Vinegar Update

Loyal readers may recall that one of our earliest posts dealt with making your own vinegar. I have been remiss in posting the promised update. As you can see, the gallon jug on the left contains a slightly opaque substance that used to be apple cider. It’s hard to see in the picture, but there’s a thin layer of bacteria about the thickness of a sheet of plastic wrap floating on top of the liquid. This is the mother: a thin layer of bacteria that eat alcohol and produce acetic acid, or vinegar, as a byproduct. It’s starting to smell a lot like vinegar, but the taste test says that it’s not quite there yet. I must confess that tasting it was a leap of faith, but I am happy to report that it tasted actually tasted pretty good—just like a sip of hard apple cider seasoned with some vinegar. Give it another couple of weeks, and we’ll have vinegar.

Now, the jar on the right is a true experiment, inspired by a recent post on Local Kitchen and another blog that I unfortunately have misplaced (if it’s yours, please speak up!). I’ve been told that you can make vinegar not only from fruit juices, but also from fruit scraps. So, last weekend when I made apple chutney, I saved all the peels and cores and stuck them in a giant jar with about a quart of filtered water. The first stage of fermentation (from fruit juice to alchohol) requires anerobic bacteria, so I’ve sealed the jar. Once it stops bubbling, I’ll assume that the alcohol production is done and will move to a cheesecloth cover, as the vinegar-producing bacteria—unlike the alcohol-producing bacteria—require air. This apparently may take many months, so stay tuned.

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5 comments to Vinegar Update

  • localkitchen

    Ah! I also tried the apple core/peel experiment (after many, many apple pies this fall) but unfortunately got a moldy pile of peels that ended up on the compost pile. I have a feeling that I did not add enough water and/or leave enough air… but you’ll have to let us all know how it turns out!

  • Hi Doris,
    I’m fascinated with this vinegar thing, but as with many things, my fascination is grounded in my ignorance (ie, the more ignorance, the more fascination!). I play with sourdough too, and of course, it depends on the mysteries of bacteria too – but this summer I started to think about the role played by fruit flies (aka, vinegar flies) in the process of these “friendly” bacteria doing their thing – I wonder if any studies have been done on that role?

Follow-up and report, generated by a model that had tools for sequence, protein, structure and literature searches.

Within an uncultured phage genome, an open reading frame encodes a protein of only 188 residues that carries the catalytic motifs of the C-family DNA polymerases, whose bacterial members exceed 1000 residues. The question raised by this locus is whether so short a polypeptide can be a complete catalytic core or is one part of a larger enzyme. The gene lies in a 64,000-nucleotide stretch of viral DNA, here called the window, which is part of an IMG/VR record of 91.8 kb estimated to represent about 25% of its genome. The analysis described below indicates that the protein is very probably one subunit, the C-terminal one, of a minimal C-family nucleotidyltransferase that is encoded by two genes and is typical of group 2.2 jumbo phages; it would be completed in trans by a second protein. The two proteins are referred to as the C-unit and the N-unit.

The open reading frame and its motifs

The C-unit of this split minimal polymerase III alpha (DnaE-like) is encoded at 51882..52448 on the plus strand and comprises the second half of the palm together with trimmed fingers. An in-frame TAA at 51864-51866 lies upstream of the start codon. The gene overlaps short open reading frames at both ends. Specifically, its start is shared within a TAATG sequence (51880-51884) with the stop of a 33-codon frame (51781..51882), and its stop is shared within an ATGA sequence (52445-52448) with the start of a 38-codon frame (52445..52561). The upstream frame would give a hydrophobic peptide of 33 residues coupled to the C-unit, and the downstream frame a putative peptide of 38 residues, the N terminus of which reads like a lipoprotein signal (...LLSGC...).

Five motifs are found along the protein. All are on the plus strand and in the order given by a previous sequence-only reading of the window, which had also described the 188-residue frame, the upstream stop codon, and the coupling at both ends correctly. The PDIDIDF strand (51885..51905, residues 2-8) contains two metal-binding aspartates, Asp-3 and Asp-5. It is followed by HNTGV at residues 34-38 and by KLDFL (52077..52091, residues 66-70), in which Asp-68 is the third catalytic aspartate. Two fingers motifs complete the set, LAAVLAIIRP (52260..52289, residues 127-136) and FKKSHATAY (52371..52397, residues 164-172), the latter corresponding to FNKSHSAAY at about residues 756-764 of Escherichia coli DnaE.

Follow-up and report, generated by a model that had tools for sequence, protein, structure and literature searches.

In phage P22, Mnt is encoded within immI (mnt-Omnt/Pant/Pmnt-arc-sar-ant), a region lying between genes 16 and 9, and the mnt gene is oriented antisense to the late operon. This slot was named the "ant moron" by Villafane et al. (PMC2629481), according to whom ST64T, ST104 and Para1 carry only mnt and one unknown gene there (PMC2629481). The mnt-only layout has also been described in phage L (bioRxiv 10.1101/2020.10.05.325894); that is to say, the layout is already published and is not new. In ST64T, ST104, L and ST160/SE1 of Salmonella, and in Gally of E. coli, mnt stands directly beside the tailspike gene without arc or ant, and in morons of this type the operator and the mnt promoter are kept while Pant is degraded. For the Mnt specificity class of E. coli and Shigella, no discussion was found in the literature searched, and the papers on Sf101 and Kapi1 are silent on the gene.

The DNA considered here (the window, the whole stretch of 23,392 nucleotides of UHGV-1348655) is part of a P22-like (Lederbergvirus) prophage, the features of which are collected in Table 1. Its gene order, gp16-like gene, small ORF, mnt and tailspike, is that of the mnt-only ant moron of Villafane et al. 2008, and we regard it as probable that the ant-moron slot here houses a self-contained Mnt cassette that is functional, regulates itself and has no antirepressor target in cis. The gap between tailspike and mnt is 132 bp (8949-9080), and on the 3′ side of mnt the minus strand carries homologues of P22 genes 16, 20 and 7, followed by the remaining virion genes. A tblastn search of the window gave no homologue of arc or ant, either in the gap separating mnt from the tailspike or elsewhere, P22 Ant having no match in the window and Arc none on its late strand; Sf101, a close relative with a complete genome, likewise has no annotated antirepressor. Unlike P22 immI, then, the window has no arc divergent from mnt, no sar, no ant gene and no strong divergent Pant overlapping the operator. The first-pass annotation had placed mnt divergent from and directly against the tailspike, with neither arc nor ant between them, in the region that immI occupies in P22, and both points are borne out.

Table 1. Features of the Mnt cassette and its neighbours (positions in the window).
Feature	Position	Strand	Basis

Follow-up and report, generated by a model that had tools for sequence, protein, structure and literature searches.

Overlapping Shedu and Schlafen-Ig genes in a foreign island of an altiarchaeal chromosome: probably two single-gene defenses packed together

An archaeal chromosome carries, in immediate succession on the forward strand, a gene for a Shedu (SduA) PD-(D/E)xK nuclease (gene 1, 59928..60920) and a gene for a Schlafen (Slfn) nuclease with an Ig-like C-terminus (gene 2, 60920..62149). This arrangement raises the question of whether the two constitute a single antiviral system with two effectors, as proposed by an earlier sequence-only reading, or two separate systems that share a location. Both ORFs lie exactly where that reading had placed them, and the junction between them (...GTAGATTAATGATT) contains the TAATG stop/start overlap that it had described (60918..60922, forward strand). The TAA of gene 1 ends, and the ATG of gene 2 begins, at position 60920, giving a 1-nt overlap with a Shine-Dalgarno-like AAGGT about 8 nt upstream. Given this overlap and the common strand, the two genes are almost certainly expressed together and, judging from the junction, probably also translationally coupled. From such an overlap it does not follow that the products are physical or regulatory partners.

I mention it because I wonder if it’s all that necessary to over-worry about covering a crock of “working” vinegar (in order to let the vinegar flies play their role). This of course depends on the flies even having a positive role – it may be that they have a detremental role to play, for all I know. But I seem to remember reading how vinegar makers in the 1800s would welcome the presence of vinegar flies – ???

    BTW, in your pic above, in your jar of peelings, are you using a plate inside the jar to hold your peelings under the surface of the liquid? I see this “rule” often in old open crock pickling recipes, because mold is encouraged if any fruit/peelings emerge above the liquid. Might be a reason why you’re seeing mold.

  • dorisgoat

    Fascinating! I don’t think the fruit flies are necessary–I think now we mainly think of flies as carriers of disease. It is useful, though, to spike the vinegar pot with a dash of vinegar from a sample with an active mother. I transfered a little bit of the clearly active vinegar (plastic jug) into the apple peels to encourage it.

    And no, there is no plate in the glass jar. To my knowledge, I am not having a mold problem yet, but your suggestion is a good one. I’ll see if I fit something in there when I go home tonight…

  • Amy

    You’re also learning how to make prison hooch, I believe. 🙂

  • Hi,

    I just found your blog tonight while browsing for inspiration for a carrot salad with yogurt dressing recipe. Bingo, though I emptied a mint teabag into the dressing (sans bag). Nice blog!

    I love traditional food preservation, particularly lacto-fermentation, as it creates probiotic bacteria that is good for health. I’ve been experimenting with various types of fermentation for the past few years. If you haven’t read the book Wild Fermentation, I highly recommend it. I also really like Keeping Food Fresh: Old World Techniques and Recipes, written by the Gardeners and Farmers of Tere Vivante in France (translated into English).

    I use a Japanese pickle maker for many of my vegetable fermentations. The lid latches onto the container (but isn’t very airtight). In the lid there is a big plastic screw attached to a perforated plate that just fits the container and pushes down on the contents, keeping them under the liquid (usually a brine). That’s how I make raw, naturally probiotic sauerkraut and never have mold problems (there are expensive European crock sauerkraut makers that have an airlock/water moat to keep out mold (traditionally a large stone was used to hold the cabbage under the brine. You can buy the Japanese pickle makers online or in Asian supermarkets, generally for under $20.